I’m not sure if this is true, but looking around me and looking again at Part 3 and Soth’s photos of the concrete towers and swirling overpasses, it’s hard not to believe it.

21st Century Place

Veleur 08/07/20

Paris is a nineteenth-century city, New York a twentieth-century city, Hong Kong a twenty-first-century city.

Picture the movie models of future cities imagined since Fritz Lang’s Metropolis: they are canyons fringed by towers, blocks, and spires. In Bladerunner, the massive industrial places are dank complexes, forever dark and brooding, hemmed in by man-made cliffs. In The Fifth Element, the city is buzzed by traffic, the ground choked in smog and detritus where no one lives. These are three-dimensional places, where people live up as well as out. Likewise the gleaming and clean places of Minority Report and I, Robot.

Paris is street level. From the Pompidou you can see for kilometres, and it’s only five stories high. New York has its famous skyscrapers, but beyond the few buildings, all the action is on the street. These cities spread.

Hong Kong and newer Asian metropolises like Tokyo, Beijing, Shanghai and Guangzhou climb, embracing the idea of the future city with fervour. The Chinese cities don’t need to: there is plenty of space, but they do.

Flat land gives way to erupted blocks. High density older dwellings like the hutongs give way for neutron dense housing blocks, fitting a small North American town’s worth of people into a footprint the size of a small mall’s parking lot. Massive overpasses fly through the buildings nestled right next to them.

Look up in the new city; it lives over your head.

I am not sure how I feel about all of this. I loved Paris. Human scale (though the Louvre is on a grand scale). Liveable. Central Hong Kong is a place to visit, a wonder of bustle and money, but I was glad to live on Cheung Chau, on a corner only remotely tethered to the financial fjords of Hong Kong. Manhattan was a compromise. Guangzhou encompasses all three centuries, reaches back past the 19th and forward in the 21st. It is a place in transition, which is why it so entrances and frustrates me.

Self-Inflicted Stupidity

As I wrote before, I like stupid action movies. But they must be cohesive, not just as cinema (which takes out Michael Bay) but as a physical and ethical place. This is where Wanted disappoints.

It starts out very well, setting the rules of a superhuman universe, and then introducing our main character, another narrator from Fight Club, whose Tyler Durden super-ego is a leading super assassin. His father was a member of a band of elite killers, an ancient clan of assassins. The targets for this merry band are written in the weft and weave of the fabrics from a magical loom, The Weaver of Fate. In ASCII, like magical punch cards. Like I said, stupid, and unfortunately the movie tries to reach Matrix heights of mumbo-jumbo by having a black leader, Morgan Freeman, speak in a sonorous voice, reciting the history and meaning of the fraternity.

Neglecting the fact that this loom wasn’t smart enough to pick out the names of Hitler, Stalin, Mao, or any number of psychopathic dictators, this merry band of highly-tuned killers has kept balance in the world by following its code, killing only those who deserve it. Without that code they are merely hired mercenaries.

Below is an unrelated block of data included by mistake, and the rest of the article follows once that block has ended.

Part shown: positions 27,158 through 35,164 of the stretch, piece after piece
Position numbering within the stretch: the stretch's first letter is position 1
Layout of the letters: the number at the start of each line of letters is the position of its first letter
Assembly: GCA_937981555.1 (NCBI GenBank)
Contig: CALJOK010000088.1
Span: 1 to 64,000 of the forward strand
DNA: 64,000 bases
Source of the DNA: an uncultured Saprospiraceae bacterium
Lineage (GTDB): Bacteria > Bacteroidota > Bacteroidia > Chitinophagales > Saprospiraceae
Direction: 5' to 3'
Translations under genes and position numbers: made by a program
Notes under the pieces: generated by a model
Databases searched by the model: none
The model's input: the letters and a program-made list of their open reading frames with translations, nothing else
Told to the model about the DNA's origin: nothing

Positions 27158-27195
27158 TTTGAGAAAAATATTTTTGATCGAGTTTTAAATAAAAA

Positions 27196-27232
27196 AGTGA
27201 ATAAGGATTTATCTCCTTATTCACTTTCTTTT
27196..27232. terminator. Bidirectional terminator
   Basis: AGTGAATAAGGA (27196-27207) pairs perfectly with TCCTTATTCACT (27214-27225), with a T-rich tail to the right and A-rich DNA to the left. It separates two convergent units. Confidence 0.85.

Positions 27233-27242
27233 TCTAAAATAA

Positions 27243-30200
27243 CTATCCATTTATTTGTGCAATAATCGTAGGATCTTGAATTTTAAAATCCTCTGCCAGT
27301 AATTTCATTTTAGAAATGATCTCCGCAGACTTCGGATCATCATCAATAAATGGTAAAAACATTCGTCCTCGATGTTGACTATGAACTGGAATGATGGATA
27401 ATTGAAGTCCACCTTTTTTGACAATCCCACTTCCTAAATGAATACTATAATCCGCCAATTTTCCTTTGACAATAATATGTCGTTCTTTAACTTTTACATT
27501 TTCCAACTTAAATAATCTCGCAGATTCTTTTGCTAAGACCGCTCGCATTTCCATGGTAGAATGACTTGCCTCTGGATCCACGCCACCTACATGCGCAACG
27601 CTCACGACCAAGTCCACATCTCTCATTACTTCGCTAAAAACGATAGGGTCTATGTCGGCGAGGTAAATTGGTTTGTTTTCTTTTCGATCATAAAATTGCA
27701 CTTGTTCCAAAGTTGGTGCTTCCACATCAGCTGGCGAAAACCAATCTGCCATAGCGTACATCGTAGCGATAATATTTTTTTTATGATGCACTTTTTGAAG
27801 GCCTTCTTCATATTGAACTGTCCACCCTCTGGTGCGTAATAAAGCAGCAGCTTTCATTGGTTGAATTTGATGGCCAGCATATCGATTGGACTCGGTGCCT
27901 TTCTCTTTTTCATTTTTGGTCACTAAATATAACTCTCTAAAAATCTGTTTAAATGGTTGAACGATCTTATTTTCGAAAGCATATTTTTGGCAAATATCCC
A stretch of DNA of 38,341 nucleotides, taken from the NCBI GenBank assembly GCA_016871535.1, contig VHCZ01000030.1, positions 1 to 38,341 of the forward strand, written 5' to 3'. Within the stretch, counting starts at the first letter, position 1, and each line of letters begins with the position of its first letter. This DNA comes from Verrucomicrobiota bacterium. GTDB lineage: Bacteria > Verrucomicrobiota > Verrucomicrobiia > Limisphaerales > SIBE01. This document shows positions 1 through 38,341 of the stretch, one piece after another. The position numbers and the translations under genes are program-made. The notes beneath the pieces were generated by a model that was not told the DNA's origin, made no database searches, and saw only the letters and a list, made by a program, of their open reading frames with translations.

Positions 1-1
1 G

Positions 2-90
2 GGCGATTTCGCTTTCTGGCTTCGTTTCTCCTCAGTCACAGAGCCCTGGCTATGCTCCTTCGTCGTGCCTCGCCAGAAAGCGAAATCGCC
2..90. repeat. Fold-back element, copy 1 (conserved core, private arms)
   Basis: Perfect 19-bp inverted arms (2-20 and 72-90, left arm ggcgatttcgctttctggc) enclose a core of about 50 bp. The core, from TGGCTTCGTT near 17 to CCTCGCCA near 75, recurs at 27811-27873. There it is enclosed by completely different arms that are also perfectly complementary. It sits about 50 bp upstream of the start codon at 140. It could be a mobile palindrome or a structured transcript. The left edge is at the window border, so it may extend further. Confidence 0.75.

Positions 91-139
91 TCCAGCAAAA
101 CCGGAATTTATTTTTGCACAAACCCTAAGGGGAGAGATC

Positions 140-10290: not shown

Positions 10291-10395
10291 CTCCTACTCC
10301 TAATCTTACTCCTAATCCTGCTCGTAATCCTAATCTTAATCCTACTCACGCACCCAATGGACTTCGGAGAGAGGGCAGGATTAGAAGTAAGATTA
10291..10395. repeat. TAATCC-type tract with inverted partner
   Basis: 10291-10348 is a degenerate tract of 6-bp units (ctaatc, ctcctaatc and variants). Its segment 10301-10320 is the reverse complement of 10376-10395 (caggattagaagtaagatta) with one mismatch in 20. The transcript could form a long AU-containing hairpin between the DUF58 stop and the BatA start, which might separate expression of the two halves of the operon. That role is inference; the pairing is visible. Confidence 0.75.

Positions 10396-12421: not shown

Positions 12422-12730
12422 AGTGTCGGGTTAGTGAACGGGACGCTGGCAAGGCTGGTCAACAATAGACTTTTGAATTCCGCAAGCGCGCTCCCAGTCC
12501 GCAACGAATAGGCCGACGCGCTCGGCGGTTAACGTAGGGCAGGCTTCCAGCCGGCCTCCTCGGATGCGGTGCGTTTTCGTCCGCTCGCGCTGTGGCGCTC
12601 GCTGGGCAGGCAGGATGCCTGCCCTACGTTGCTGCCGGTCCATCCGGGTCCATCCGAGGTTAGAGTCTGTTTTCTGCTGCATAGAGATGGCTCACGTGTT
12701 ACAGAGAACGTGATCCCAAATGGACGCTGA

So blah blah blah happens.

The director keeps the comic-book style coming, not quite maintaining the heights of the opening sequence, but giving us gravity defying car chases as our meek Clark Kent becomes the assassin who bends bullets. He becomes a hunter who quickly believes that he is following a law far beyond human law—he has become an instrument of fate.

So blah blah blah happens.

Now, I’m fine with all of this, though it is stupider than the Transporter films. What gets me is near the end of the second act where our hero meets his nemesis, a rogue agent who supposedly killed his father in the kick-ass opening. Of course, the agent is his father and it was all a deceit (see, his name is Cross, and his son is another, so that’s a double-cross. Ha!).

The problem, though, is that it all happens on a train stuffed with people. Innocent people, whose names, I doubt, are part of some fantasy rug. They all die as the train is sacrificed for the spectacle. Naturally, of course, the train suddenly seems empty of bodies as it hurtles down, or maybe we are to suppose they all got out.

The problem is that the movie is inconsistent with its morality. It seeks to establish an honourable law (killing the one to protect the many, that lovely, logical, Star Trek code which Kirk just can’t abide) to justify murder, but then calmly forgets it all as the movie slaughters thousands in order to have a cinematic moment.

Like many, it seeks to have its cake and eat it, too. The Matrix films have this problem, as well. Morpheus and the rest want to free humanity, but in their quest to do so any cops or other authorities, and gloriously dispatched. And as we were plainly told, if you die in the Matrix, you really die. Sure, the cops and security guards were working for The Man (I always think of Robert Altman when I see him, which is somehow fitting), but they were actually trying to protect people. It’s not that their killing may not be justified in the Machiavellian sense; it’s that no one gives any thought to it. “Hey, we are killing a lot of people here? Is what we are doing right?”

We get far more discussion over these things on Battlestar Galactica (Apollo and the destruction of the ship, the whole season on the planet with the suicide bombers and all) and, thankfully, The Dark Knight (which I can’t get away from these days it seems).

Stupid movies should never try to be smart. They only end up shooting themselves.